Sanskrit - The Divine Language of Hinduism
Sanskrit is the language of the prime scriptures of Sanatan Dharma. It is also known as Devavani, the language of the Gods, and its script is Devnagari, the city of the Gods.
Sanskrit means 'perfectly made' or that language that was produced in a perfect form. Knowledge of Sanskrit and Sanskrit grammar was revealed in this world by Brahma at the same time as the prime Vedic scriptures.
Sanskrit was so fascinating to early European Indologists, that over 300 years ago they speculated that it was too complex, logical and intelligent to be produced by the local culture. They mistakenly hypothesized that an earlier human culture living outside of India had produced it, and later brought it to India where it was widely adopted.
Sanskrit's true origin is not material; it is Divine. It is the language of the Divine world. It was revealed in the mind of Brahma, transferred to the minds of generations of Saints, and later revealed on this earth as a spoken language. Whenever human civilization ended, it was again reintroduced on this earth in its original form.
Only Sanskrit provides the vocabularly that could express the totality of the Divine experience. For example, in English we have one word for God. In Sanskrit there are hundreds of names, all expressing a particular name, aspect, power or activity of supreme God. Words simply do not exist in other languages to capture these ideas.
Even from an academic point of view, Sanskrit has many outstanding characteristics.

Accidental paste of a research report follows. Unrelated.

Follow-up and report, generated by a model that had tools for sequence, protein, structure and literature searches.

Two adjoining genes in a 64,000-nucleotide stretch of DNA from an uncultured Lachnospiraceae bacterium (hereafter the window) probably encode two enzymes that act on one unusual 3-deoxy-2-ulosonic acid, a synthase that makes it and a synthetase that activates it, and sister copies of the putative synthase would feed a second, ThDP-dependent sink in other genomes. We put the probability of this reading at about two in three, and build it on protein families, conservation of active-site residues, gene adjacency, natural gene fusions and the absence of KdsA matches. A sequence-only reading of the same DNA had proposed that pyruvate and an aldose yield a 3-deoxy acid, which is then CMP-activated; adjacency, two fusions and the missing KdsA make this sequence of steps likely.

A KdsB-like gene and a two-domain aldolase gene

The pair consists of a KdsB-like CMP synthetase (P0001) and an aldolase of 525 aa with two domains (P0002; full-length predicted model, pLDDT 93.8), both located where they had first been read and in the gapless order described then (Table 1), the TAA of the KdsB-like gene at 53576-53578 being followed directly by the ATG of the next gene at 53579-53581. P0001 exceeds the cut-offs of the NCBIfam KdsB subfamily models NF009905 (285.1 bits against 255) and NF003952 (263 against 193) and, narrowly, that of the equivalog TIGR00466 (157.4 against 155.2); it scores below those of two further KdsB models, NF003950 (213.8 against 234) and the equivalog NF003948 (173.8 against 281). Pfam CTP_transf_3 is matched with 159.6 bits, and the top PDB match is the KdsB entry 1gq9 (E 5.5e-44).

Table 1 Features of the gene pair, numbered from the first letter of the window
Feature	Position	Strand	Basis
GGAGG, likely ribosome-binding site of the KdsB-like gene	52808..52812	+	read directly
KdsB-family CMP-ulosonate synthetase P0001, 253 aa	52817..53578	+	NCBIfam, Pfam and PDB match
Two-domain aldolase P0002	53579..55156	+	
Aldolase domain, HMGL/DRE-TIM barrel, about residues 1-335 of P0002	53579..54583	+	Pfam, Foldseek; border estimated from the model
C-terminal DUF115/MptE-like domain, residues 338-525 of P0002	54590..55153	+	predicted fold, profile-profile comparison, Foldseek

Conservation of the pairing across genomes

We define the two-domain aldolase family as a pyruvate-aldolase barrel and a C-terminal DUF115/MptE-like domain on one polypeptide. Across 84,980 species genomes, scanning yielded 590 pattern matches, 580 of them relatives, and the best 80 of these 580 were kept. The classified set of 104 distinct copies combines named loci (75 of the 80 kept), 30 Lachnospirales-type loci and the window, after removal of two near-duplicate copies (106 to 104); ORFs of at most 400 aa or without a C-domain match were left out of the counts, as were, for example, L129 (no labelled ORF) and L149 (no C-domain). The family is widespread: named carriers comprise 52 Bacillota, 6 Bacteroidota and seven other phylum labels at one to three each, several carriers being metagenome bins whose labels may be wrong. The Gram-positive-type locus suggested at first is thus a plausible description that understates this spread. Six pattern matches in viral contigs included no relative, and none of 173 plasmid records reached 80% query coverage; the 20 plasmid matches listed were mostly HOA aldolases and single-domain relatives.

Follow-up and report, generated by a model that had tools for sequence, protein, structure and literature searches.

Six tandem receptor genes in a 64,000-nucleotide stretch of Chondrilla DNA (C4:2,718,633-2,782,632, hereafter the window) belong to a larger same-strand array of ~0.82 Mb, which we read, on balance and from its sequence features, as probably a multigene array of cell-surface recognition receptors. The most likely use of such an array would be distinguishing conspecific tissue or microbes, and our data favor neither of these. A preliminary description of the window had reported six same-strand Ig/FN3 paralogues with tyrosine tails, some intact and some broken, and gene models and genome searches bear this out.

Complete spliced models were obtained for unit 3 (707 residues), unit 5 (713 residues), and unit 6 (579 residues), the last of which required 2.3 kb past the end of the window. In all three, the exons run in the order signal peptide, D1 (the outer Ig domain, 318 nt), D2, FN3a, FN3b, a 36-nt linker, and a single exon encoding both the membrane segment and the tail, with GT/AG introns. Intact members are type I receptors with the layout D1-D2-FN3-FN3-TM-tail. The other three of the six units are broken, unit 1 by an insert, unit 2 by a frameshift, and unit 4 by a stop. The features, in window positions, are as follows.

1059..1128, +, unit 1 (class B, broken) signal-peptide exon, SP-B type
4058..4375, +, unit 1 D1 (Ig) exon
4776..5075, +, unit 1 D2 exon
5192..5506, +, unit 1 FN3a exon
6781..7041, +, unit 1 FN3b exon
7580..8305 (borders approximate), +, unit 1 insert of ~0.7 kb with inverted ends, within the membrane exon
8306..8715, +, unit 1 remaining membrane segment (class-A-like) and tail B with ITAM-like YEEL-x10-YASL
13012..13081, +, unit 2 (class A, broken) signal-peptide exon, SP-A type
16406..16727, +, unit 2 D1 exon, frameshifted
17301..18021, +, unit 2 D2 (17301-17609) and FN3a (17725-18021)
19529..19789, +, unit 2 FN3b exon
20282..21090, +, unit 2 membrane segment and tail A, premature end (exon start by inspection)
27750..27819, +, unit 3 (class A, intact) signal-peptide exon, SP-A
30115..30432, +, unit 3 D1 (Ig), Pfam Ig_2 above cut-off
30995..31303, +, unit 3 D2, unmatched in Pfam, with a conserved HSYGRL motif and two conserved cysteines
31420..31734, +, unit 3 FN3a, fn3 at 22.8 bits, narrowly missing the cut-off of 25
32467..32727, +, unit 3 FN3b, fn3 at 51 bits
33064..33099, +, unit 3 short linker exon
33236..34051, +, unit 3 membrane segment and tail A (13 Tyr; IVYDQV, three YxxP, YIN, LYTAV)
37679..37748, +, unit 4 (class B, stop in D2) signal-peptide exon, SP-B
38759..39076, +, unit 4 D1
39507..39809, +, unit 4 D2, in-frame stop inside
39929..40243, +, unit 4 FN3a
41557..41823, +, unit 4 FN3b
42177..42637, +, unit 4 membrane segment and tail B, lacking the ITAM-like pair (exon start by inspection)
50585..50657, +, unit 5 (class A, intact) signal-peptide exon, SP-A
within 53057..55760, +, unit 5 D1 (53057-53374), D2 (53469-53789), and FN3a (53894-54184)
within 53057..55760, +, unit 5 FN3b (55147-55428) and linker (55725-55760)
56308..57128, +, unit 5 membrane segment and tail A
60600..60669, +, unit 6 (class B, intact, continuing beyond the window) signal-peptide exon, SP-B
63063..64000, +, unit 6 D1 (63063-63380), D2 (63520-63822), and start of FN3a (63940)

The Sanskrit language has been in use longer than any language in the world. It has the largest quantity of literature of any language of the world. The Mahabharata, one of our prime scriptures is considered to be one of the world's greatest and longest (100,000 verses) literary epics.
Sanskrit is also the root of the the greatest number of languages, including the main languages of Europe, Iran,and the Middle East. Sanskrit root words can be found as far away as in the Hawaiian language.
Linguists, and now scientists, agree the structure of the language is flawless. There are 49 sounds in the Sanskrit script that are formed in five distinct areas of the mouth. The diagram below gives the names of these positions on the left.
The letters are arranged very scientifically so the simple vowels come first, then the dipthongs, then the consonants in uniform groups according to their point of pronunciation. This allows for perfect phonetic accuracy. Every Sanskrit letter has a precise sound in every word, all the time.
Unlike the other languages of the world, every word in Sanskrit is derived from a root. Suffixes and prefixes are added to a root to creates words. All in all, the grammar, form, word meaning and word derivations are more developed than in any other language of the world.
Researchers studying artificial intelligence have tried to design an unambiguous representation of natural languages to make them accessible to computer processing. But the syntax and semantics of most languages are too ambiguous for the transmission of logical data.
It was discovered that only Sanskrit was identical not only in essence but also in form for work in artificial intelligence. (Click here to see the full article.)
Is it necessary to study Sanskrit for your spiritual practice? There are plenty of resources for this.
For most of us it's enough to understand it is Divine in origin, and even if we were to study it, we lack the capacity to grasp its Divine essence. That essence is what ultimately benefits us spiritually.
In the Bhagavad Gita, Lord Krishna explained, "Associate with a true Saint - on the basis of your sincere dedication, he will impart to you that Divine knowledge." (4/34) A Divine mind can fully grasp these Divine subjects. If he is a true Guru, he will teach you the essence of this knowledge in your own languge so you can understand it and apply it practically to your devotional practice.